Khamayati has been inspired by the rich and varied legacy of Rajasthani culture, and Komal Kothari, who worked with and established the modern context of these great traditions. SWRC Tilonia, Barefoot College, was initiated into understanding this extraordinary musical tradition, and collaborated with Rupayan Sansthan and Komal Kothari in organizing Lok Utsavs since 1984. The knowledge and legacy of Komalda’s tradition of collective work with folk culture continues to inspire all our efforts. Komalda was the touchstone for these activities. He always provided space for discussion so that the artists and performers could participate in discussions about their own problems. The transition from a feudal social relationship with patrons to modern musicians was facilitated by him.
Khamayati is the raga used as the invocation for the beginning of all concerts. The name was chosen as both an invocation, and a celebration of tradition. This is an effort to support and facilitate musicians to showcase their music by documenting and using modern methods to reach out to rasikas all over the world. The Khamayati website will record the vibrant repertoire and enable lovers of this great tradition to connect directly with the musicians. The project will look at their music, and the community’s socio-economic conditions. It will help wherever needed with providing support and assistance to create a better environment for developing their musical tradition.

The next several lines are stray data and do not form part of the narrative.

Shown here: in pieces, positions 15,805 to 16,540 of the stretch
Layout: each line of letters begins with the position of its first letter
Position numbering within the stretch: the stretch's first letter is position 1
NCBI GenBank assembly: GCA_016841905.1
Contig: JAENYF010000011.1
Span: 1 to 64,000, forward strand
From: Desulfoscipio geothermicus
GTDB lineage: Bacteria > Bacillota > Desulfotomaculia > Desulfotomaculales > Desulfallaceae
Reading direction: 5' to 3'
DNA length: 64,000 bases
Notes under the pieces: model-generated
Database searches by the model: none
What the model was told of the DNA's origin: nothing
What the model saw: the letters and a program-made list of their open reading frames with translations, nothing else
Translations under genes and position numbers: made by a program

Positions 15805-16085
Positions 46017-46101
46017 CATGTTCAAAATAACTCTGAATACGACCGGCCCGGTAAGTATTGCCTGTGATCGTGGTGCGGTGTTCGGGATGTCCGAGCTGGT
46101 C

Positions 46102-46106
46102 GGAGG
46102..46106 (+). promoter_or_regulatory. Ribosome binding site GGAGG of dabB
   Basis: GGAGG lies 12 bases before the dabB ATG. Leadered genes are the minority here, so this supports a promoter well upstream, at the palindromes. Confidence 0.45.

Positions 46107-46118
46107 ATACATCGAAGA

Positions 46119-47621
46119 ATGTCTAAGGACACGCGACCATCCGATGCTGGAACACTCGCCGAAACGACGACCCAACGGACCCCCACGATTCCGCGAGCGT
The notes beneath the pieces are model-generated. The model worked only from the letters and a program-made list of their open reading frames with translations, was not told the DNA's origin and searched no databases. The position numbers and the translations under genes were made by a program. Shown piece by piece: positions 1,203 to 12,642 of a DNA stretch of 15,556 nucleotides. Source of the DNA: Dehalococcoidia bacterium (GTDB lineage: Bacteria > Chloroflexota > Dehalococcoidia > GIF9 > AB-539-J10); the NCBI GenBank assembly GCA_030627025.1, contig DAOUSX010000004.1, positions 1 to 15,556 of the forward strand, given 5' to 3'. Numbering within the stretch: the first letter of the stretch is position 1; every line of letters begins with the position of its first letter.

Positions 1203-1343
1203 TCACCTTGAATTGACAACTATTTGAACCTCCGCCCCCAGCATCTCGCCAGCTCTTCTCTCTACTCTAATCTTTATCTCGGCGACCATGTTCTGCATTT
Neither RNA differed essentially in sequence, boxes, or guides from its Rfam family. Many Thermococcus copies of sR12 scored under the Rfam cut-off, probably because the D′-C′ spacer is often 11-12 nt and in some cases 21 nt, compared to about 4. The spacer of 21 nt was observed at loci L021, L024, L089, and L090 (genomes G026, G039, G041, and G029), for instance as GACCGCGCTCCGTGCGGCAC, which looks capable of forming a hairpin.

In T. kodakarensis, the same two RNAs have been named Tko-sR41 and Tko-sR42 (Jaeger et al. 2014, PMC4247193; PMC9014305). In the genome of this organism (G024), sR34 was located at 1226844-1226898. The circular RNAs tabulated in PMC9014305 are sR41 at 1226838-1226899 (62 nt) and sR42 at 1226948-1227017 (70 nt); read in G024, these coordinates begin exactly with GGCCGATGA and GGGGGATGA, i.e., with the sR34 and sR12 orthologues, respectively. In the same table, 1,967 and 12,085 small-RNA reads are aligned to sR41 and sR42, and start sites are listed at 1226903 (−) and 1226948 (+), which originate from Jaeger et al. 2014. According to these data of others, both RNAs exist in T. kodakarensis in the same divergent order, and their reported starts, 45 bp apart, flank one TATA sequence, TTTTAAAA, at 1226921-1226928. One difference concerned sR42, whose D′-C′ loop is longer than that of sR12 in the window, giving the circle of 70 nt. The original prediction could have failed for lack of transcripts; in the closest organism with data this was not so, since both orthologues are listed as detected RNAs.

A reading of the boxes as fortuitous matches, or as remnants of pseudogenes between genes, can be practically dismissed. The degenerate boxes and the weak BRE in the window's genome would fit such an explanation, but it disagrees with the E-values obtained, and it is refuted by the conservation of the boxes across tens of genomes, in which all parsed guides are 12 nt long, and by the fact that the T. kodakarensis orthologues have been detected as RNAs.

These efforts were planned and held with the advice and guidance of Komal Kothari (Komalda, Komal Kaka) and Rupayan Sansthan. In the recent past, the threat of commercialization of the musical heritage has affected the artists and their tradition deeply. There is a deep economic crisis. There are more than 30,000 musicians with varied skills and layered exposure to markets amongst the Manganiars and Langas alone. The preservation of their music is a huge task. They have to fight against the tide of popular (modern) music and its intrusion. The form, content and context of their traditional role are threatened. They are being steadily eased out of their role as a community which played an important part in all community occasions and festivities. The modern music market has lionized some of them, but is hardly concerned about the condition of thousands of musicians. Though any complete solution to this problem seems impossible, the twin objective of preserving their tradition, and increasing an understanding of their music in the market, demand immediate attention. Carol Barker, Illustrator and art teacher has been a constant visitor to Tilonia since 1977. She published a book about SWRC called “Arjun and his village Tilonia” published in 1978. In recent years she has been fascinated by Rajasthani music and raised $50,000 from her son Julian Dunkerton, to help promote folk cultural expression and keep tradition alive.
The project began with a workshop in consultation with the Manganiars and Langas on the 28th and 29th January 2012 in Barmer. The name was collectively chosen and was a learning experience. There was general agreement that it would be in the memory of Komal Kothari (Komalda) whose consistent efforts pushed them to go beyond their limited confines. Khamayati is the name of an auspicious raga which is sung to mark the beginning of all good ceremonies. The letter ‘K’ also invokes the name of Komalda. The musicians collectively discussed critical issues, and looked at their own cultural richness and their future. Attention was paid specifically in re-establishing their repertoire, the dissemination of lyrics and songs, by documenting and using notations so that they could be preserved for posterity.